He evoked councils' 200 years of glorious history, stressed the value of local democracy and promised to cut red tape.
He appeared to understand and take an interest in the detail of municipal activity in a way his predecessor, John Prescott, did not - a true cabinet minister for local government.
The speech was something of a contrast with former local government minister Hilary Armstrong. Her sincerity and commitment was never in doubt, but sometimes she sounded hectoring. Mr Byers' speech was - relatively - snappy and upbeat.
The LGA's leading members and its staff were ecstatic to hear the secretary of state 'warmly welcome' its six pledges. Mr Byers conceded the need for councils to have autonomy: 'The achievement of both national aims and local priorities demands that at the front line people should not be hidebound by central regulation, controls and diktats from on high.
'They should have freedom and flexibility to pursue innovative, imaginative solutions to the problems they are facing.' He described the ideal 'practical partnership', focused on outcomes, which he believed could achieve this. The LGA's six pledges were an example of such a partnership, he said.
Mr Byers' big gesture was to identify six areas where bureaucracy could be cut back. This is something LGA chair Sir Jeremy Beecham raised in his first meeting with Mr Byers the weekend after the election, and it seems to have sunk in. Whether or not the list will become reality is another matter. Mr Byers promised to:
-Reduce the number of funding regimes
-Reduce the number of plans for council activity required of local government by central government
-Refine the best value process
-Remove red tape and bureaucracy - 60 proposals have already been identified
-Reduce the number of regimes where a minister's approval is required before action can be taken
-The development of a risk-based approach to inspection.
Many are hoping key decision-making will be simplified under the fourth promise on the list. He made soothing noises about privatisation, insisting: 'This government does not subscribe to the 'public sector bad, private sector good' approach.'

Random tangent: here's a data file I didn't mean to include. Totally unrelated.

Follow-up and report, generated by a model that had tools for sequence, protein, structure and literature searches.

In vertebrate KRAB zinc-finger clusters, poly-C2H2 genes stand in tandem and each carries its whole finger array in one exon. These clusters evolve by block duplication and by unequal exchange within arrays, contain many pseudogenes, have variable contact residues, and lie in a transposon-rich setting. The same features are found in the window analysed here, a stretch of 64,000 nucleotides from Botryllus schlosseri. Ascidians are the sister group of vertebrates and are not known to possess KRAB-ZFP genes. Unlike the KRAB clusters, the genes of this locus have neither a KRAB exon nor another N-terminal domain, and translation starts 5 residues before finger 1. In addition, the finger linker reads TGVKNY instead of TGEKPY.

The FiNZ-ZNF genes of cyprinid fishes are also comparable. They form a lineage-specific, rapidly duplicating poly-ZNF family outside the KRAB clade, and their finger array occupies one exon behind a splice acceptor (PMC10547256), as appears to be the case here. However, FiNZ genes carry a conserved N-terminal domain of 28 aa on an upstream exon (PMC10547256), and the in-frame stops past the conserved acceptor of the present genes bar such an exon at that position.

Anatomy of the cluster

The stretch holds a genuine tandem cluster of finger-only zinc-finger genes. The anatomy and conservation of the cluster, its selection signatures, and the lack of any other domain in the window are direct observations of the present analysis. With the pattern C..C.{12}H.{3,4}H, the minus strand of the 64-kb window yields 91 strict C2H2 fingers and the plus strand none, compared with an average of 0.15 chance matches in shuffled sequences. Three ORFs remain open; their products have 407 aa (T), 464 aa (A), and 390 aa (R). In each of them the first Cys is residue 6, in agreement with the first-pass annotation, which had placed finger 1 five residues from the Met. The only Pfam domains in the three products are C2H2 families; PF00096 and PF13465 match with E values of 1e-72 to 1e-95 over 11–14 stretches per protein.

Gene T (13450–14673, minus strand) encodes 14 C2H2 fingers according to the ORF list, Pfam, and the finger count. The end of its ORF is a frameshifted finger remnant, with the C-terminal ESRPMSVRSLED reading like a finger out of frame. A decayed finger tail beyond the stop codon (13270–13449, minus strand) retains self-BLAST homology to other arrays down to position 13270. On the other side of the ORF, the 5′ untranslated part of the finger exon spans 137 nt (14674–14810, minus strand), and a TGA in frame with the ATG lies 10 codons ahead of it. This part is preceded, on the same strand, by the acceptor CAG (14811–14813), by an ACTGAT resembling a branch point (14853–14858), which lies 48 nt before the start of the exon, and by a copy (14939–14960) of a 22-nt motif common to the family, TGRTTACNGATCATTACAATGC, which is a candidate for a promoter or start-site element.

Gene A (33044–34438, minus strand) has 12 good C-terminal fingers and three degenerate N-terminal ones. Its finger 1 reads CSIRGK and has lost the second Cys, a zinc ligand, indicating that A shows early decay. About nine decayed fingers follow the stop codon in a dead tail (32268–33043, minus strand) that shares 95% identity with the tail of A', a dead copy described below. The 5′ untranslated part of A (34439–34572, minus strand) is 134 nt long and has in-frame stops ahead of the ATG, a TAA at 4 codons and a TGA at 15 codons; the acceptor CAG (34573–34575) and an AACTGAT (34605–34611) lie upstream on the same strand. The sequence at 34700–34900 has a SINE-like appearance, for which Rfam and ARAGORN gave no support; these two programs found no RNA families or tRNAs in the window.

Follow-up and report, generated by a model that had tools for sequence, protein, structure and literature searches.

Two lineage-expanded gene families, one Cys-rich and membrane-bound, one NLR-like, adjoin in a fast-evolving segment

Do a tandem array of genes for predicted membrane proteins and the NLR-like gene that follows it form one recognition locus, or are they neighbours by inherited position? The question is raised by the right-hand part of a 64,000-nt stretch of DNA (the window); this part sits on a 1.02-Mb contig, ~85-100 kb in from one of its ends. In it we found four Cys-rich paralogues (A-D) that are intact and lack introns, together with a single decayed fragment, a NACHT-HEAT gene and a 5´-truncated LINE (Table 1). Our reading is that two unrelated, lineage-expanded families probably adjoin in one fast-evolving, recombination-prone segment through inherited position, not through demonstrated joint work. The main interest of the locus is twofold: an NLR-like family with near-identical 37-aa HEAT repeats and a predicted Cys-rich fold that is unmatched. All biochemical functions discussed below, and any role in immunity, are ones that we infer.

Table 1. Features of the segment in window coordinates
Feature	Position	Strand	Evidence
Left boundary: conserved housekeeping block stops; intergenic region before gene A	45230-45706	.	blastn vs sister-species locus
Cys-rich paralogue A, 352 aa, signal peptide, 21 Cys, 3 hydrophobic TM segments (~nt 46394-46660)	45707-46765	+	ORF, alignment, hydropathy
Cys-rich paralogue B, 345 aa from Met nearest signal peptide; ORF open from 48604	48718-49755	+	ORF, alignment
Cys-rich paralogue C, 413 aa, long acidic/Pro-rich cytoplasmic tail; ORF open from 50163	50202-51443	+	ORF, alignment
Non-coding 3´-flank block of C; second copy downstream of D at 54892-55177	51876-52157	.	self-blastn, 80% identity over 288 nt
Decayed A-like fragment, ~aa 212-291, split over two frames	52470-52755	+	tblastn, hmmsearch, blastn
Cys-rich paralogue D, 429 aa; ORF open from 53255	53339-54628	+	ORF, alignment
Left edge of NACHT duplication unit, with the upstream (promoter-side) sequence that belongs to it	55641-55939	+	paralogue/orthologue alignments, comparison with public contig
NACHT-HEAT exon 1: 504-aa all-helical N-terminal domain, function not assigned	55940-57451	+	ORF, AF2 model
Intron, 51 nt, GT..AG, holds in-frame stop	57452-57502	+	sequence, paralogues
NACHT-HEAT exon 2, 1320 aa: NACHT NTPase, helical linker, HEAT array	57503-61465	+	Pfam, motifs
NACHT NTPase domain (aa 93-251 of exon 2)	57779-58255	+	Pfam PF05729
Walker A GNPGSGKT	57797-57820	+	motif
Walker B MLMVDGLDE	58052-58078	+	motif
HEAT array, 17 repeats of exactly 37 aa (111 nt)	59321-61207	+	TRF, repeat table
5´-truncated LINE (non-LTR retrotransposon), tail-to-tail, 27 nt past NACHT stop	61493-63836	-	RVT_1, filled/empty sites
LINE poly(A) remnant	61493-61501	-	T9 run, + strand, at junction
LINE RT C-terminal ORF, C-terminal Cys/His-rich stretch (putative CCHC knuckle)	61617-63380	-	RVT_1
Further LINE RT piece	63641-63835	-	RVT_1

However, he then insisted his vow to push through the government's plans for the London Underground with extra safety
measures meant 'there will be no privatisation'.
But according to Transport for London chair Bob Kiley and London mayor Ken Livingstone it was the precise opposite. Mr Kiley called his rebuttal a 'dog-faced untruth . . . this is privatisation'. These wildly divergent interpretations bode ill for future dialogue on the public/private issue.
There was modest good news on local government finance. He reiterated the commitment to a local prudential regime on capital borrowing. He mentioned discretionary fees and charges, and business improvement districts. There would be a 'very hard look' at council tax increases, but no capping in this financial year.
However, capping remains. Although Mr Byers later said a white paper would look at the relationship between the amount of money raised locally and centrally, there was no mention of this in his speech. Without this, rows over regional differences in funding will continue to simmer.
The crux of Mr Byers' speech probably came in a few phrases at the end, which conveyed both Labour's desire to improve services, and its anxiety they should be seen to improve.
He confirmed the arrival of a wide-ranging local government white paper in the autumn, based on the finance green paper, to 'give us an up-to-date route map of how to achieve our shared vision of local government'.
This vision includes 'strong, confident leadership built upon a sound understanding of what local people want, a democratic mandate to deliver and clear lines of accountability'.
It 'encompasses service delivery, meeting and exceeding the standards people now expect, delivering essentials such as education, social services, fire services and local transport, improving the liveability of communities'.
He added: 'All of us need to deepen and develop that fundamental cultural change where people are put first.' Mr Byers reminded the audience of the government's power and readiness to intervene where councils fail to live up to this.
This was a reminder too that Mr Byers is part of a centralising government, and the rigours of a ministerial career can send the staunchest localist reaching for central government levers.